March 16, 2018 | Tears came in all shapes and sizes at Match Day 2018 – tears of joy, tears of relief and tears from proud families.
“I’m going to cry,” College of Medicine senior class President Grant Cagle said prophetically while welcoming the audience, made up of the 155 seniors who participated in the match, their families and mentors and staff from UAMS in a packed room March 16 at the Embassy Suites in Little Rock.
A short time later, he ripped open a sealed envelope to reveal the location and specialty for his residency: internal medicine at Rhode Island Hospital/Brown University in Providence. Almost inaudible through tears, he assured the crowd that it was his dream match, and the audience erupted to share his joy.
Student after student came to the podium, each with their own version of Cagle’s story, including the years of work, high expectations and support from others along the way. Many used their time at the mic to give thanks.
“It takes a team just for one medical student to graduate,” Cagle said.
Each year Match Day starts at 11 a.m. Central Time, with senior medical students all over the nation simultaneously opening envelopes to reveal their “match” – or where they have been accepted to continue their training in a residency program for the next three to seven years.
For some, the tears came later, maybe as they hugged their proud mothers and fathers waiting on the sidelines, or while hugging other members of their class – peers who can truly understand everything that has led up to this day.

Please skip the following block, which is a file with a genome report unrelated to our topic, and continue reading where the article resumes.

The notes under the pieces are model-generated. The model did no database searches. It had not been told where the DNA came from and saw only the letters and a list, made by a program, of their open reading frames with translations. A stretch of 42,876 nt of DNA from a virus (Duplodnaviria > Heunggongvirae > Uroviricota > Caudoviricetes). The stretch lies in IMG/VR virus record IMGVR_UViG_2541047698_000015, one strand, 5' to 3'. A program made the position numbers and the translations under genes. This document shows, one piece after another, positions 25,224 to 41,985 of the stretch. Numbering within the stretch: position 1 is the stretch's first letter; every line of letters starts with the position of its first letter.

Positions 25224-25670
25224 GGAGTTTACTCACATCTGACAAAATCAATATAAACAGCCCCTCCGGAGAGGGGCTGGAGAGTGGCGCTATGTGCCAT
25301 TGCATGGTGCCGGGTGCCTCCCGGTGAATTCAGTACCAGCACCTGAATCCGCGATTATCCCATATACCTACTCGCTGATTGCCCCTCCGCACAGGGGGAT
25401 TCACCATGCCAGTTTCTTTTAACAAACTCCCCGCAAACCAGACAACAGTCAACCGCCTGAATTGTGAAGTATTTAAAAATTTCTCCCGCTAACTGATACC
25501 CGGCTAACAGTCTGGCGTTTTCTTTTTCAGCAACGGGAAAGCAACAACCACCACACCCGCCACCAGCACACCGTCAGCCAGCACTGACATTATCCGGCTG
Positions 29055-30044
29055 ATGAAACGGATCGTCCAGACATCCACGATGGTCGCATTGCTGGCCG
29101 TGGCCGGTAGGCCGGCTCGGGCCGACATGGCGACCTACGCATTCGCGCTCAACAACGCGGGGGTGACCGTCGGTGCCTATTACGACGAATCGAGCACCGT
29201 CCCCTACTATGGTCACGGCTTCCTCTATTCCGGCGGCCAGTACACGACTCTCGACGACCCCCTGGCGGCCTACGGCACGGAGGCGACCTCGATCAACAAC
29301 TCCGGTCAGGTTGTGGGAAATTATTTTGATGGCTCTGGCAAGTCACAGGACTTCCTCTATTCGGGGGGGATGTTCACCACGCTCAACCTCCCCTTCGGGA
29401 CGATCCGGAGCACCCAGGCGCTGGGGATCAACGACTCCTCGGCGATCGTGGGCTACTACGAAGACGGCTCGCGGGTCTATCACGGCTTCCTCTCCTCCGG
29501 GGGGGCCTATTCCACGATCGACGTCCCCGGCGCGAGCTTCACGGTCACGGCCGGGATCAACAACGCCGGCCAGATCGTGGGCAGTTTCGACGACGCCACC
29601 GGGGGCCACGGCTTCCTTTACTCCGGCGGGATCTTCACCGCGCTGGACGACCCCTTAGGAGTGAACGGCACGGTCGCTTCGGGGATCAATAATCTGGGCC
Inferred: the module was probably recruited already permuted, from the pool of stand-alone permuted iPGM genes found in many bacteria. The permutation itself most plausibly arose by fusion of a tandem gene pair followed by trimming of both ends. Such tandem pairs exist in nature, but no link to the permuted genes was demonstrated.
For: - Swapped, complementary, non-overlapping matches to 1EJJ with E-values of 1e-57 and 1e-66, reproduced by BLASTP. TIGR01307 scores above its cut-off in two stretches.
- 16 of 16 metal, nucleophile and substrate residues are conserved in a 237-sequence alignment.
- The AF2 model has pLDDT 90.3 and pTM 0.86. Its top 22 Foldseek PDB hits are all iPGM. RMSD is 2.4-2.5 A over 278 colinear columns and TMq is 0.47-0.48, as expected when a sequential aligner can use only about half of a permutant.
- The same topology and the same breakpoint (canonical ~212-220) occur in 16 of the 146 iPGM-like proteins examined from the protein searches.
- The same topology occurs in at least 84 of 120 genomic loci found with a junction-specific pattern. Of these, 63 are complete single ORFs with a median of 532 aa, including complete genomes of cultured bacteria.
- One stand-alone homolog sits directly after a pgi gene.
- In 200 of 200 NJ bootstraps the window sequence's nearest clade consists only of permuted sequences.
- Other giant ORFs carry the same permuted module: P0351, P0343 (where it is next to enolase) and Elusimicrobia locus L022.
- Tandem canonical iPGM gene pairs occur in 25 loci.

Tess Coker and Alex Croft got a little misty-eyed as they looked back to that first day of school when they met. Soon after, they started dating. They had each other to lean on throughout the highs and lows of med school, and the match process for couples is especially daunting.
Match Day is conducted by the National Resident Matching Program (NRMP). Students in their fourth year apply to programs, interview and then send a ranked list to the NRMP. Residency programs also submit a list of preferred candidates, and an NRMP computer, using an algorithm, reconciles the lists as best as possible.
Couples face the additional challenge of trying to match in the same geographical area, while considering each other’s career goals with regard to specialty and the prestige of the program. There is a “couple match” option through the NRMP that tries to factor in geography, but still, it’s tough. One of the students who didn’t match this year was a member of a couple who was not looking for alternatives in order to stay close to a partner.
“We both knew on Monday that we had matched somewhere, but you don’t know exactly where, and even with couple matching you still have to list some apart, and couple matching in general just limits your options,” Croft said. “We were both super nervous coming into this.”
Coker’s envelope revealed she had matched in pediatrics; Croft matched in emergency medicine – both at Indiana University School of Medicine in Indianapolis.
“We couldn’t be more happy,” Croft said.
Cody McLeod of Arkadelphia, on the other hand, said selecting his top rank was easy. At the mic, he announced his match – orthopaedic surgery at UAMS – with a bit of punch in his voice, and the crowd cheered in response. McLeod’s father is an orthopaedic surgeon in Arkadelphia and he envisions a similar future for himself.